Scharine Kirchoff

Ryukyu Heritage Textiles

(832)293-3667

RyukyuHeritageTextiles@gmail.com

7 Comments

  1. Margery Hillman says:

    Hello Scharine- I love your website. It is very exciting to wander through and see what is happening. Margy

  2. Annette Kakazu says:

    I play my husband’s family’s Samisen, I would like some cloth to make a cover for it….(she was a picture bride – 1908, and the instrument is much older than that).

    • Hello Annette,
      How wonderful that you have such a wonderful Ryukyu treasure in your family. I am honored that you have contacted me regarding some fabric for your family’s samisen. I’ve recently completed some handwoven Ryukyu Kasuri. Some of the threads were hand-dyed in Ryukyu Ai (Ai Zomme). May I send you a photo of the fabric to consider? How much fabric do you require for a cover? This particular piece measures 14.25″ width (kimono width) and is 58″ long. Gratefully, Scharine

  3. West Coast: Super, Natural says:

    Such an interesting blog! I am curious about this statement regarding handspinning: “…Ito Basho threads are hand-tied first, then lightly handspun on a bamboo Basho spinning wheel. The soft twist from the spinning strengthens the thread for weaving.” Do you mean that each of the long fibres is knotted to another before any spinning takes place? I am wondering because I came across a reference from an 1800s source that said that the very long outer coat fibres of Shetland sheep were knotted together, not spun, for the superfine, gossamer ‘wedding ring’ shawls. I have some 9-12 inch Shetland wool I was thinking of trying it–but it seemed ridiculous! Maybe it is not ridiculous after all?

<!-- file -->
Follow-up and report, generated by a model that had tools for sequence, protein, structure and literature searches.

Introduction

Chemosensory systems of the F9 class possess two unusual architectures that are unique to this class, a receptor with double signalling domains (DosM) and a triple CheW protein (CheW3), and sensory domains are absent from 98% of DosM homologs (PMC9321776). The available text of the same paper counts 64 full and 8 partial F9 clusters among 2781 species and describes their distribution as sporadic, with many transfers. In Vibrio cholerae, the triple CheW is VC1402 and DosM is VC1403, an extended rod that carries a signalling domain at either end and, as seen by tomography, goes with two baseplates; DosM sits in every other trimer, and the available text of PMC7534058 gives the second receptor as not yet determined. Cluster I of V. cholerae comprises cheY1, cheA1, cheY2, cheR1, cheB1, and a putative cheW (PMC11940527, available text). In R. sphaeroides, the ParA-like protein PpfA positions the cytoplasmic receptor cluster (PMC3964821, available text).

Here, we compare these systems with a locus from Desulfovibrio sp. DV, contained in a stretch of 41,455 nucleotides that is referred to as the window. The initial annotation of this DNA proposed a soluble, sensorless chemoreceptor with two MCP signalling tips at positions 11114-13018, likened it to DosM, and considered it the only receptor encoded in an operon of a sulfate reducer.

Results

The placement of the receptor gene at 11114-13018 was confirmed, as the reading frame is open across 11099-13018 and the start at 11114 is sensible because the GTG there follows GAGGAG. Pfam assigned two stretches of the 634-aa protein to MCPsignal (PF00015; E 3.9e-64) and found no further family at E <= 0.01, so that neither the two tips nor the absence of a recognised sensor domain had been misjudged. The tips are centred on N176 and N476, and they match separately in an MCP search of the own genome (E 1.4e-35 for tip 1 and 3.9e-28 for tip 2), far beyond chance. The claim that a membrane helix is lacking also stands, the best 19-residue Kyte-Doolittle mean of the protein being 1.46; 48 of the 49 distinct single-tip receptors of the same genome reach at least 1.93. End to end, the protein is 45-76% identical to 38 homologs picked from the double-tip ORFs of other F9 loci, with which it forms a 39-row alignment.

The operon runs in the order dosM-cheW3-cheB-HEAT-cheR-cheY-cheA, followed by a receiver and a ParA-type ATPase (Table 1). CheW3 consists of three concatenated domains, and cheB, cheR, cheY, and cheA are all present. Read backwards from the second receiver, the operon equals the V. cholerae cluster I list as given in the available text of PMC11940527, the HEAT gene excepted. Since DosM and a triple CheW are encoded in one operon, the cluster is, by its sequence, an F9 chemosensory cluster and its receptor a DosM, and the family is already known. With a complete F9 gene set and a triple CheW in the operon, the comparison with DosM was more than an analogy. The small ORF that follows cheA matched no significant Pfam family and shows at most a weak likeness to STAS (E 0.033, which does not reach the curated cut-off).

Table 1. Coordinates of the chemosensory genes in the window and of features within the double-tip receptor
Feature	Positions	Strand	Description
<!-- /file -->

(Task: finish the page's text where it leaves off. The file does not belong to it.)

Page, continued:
• Hello,
      Happy New Year of the golden sheep to you! Yes, indeed, the individual Basho banana fiber threads are hand-tied together prior to handspinning. A single handwoven Bashofu kimono includes about 20,000 hand-tied knots! So, your idea is not ridiculous at all — why knot do it? LOL! My best, Scharine

  4. Alexandra Ilnyckyj says:

    My mother received one of your beautiful silk neck scarves in indigo. I love the sheer fabric. The size is perfect for a small framed woman. A joy to wear. Do you ship your work to Canada. I would love one. I can send a photo of hers

    • Hello Alexandra, Thank you for your note. It’s so delightful to hear that your mother received one of my hand-dyed indigo scarves. Yes, I do, indeed, ship my work worldwide. Is it, perhaps, a handwoven mulberry silk scarf? In an effort to be responsive to your interest, it would be helpful to me if you could send me a photo of your mother’s scarf via email to RyukyuHeritageTextiles@gmail.com. Meanwhile, best wishes to you in Canada! My best, Scharine

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